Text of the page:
Attacks on the Press in 1996 - Guatemala
|Publisher||Committee to Protect Journalists|
|Publication Date||February 1997|
|Cite as||Committee to Protect Journalists, Attacks on the Press in 1996 - Guatemala, February 1997, available at: http://www.refworld.org/docid/47c5650323.html [accessed 5 August 2015]|
|Disclaimer||This is not a UNHCR publication. UNHCR is not responsible for, nor does it necessarily endorse, its content. Any views expressed are solely those of the author or publisher and do not necessarily reflect those of UNHCR, the United Nations or its Member States.|
Guatemala was once again one of the most perilous places for journalists in Latin America. The nation's judicial institutions remained ineffective in safeguarding the media and implementing a general rule of law, and the press, which has aggressively pursued stories on corruption, contraband, and kidnapping rings, was subjected to threats and violent assaults.
The murders of two journalists last year remain unsolved, a chilling reminder that despite a transition to democratic rule over the last decade, the culture of impunity that has long plagued Guatemala continues to be a serious concern. While the government's overt censorship and the press's self-censorship have diminished, there persists a troubling undercurrent of intolerance on the part of the government toward the news media. Journalists complain that the government continues to restrict the press's and public's access to official information.
In December, the government and former guerrilla insurgents signed a historic peace accord mediated by the United Nations, ending the longest civil war in Latin America. The 36-year conflict had ravaged much of the country, claimed more than 100,000 lives, most of them civilian, and resulted in the disappearance of thousands more. Under the terms of the accord, a general amnesty was approved that will most likely leave the murder or disappearance of numerous journalists unresolved and unpunished. CPJ denounced the amnesty in a letter to President Alvaro Arzú Irigoyen, saying that, "Contrary to contributing to national reconciliation, a general amnesty would further aggravate the reigning climate of impunity." The family of Jorge Carpio, the former publisher of the daily El Gráfico and leader of the National Centrist Party who was murdered in 1993 and whose death is still unsolved, also denounced the amnesty.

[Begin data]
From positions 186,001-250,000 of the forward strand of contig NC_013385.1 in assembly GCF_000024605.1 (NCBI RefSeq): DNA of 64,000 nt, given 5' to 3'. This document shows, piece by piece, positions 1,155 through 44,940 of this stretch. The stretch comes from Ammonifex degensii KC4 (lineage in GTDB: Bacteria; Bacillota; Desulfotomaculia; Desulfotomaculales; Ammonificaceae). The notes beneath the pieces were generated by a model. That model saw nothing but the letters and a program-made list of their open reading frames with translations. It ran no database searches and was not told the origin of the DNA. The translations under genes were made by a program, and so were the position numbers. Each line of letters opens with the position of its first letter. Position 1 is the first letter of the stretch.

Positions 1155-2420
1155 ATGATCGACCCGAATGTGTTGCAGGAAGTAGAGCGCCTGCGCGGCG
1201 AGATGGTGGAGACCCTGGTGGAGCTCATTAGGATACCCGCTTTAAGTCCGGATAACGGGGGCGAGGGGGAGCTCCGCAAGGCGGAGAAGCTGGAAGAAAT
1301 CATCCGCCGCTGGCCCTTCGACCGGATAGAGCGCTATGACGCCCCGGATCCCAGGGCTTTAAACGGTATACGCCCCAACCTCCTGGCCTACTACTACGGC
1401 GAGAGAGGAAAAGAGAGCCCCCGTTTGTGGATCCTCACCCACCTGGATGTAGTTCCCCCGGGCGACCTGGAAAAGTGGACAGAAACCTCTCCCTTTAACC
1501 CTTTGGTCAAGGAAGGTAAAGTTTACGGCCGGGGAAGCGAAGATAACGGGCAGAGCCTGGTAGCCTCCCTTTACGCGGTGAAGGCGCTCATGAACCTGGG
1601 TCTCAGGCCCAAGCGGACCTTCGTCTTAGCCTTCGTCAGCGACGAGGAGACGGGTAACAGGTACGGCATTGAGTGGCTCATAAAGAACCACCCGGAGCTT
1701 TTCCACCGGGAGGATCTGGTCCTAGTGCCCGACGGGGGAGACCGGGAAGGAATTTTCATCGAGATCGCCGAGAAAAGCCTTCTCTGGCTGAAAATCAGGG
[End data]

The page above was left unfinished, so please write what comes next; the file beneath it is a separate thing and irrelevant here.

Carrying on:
The Guatemalan media have matured and diversified. Radio programs and publications in Mayan languages and other new media outlets have emerged, broadening the range of the news media in Guatemala and providing information to sectors of the population that had been excluded because of language barriers. In addition, two new daily newspapers have begun publication, including El Periódico, started by José Ruben Zamora Marroquin, former editor of the newspaper Siglo Veintiuno. "The press became more professional in 1996, was more openly critical of the government, and wrote about massacres committed during the civil war, drug trafficking, and a series of topics that were once taboo," said Haroldo Shetemul, an editor with Crónica, the country's leading newsmagazine.
José Ruben Zamora Marroquín, Siglo Veintiuno, THREATENED
Zamora, editor in chief of the independent daily Siglo Veintiuno, received several anonymous death threats after his newspaper published the transcript of a videotaped interview with a former military officer. In the interview, the now- exiled officer accused a group of high-ranking military officers of participating in organized crime activities, including drug trafficking and car theft.
Vinicio Pacheco, Radio Sonora, ATTACKED, THREATENED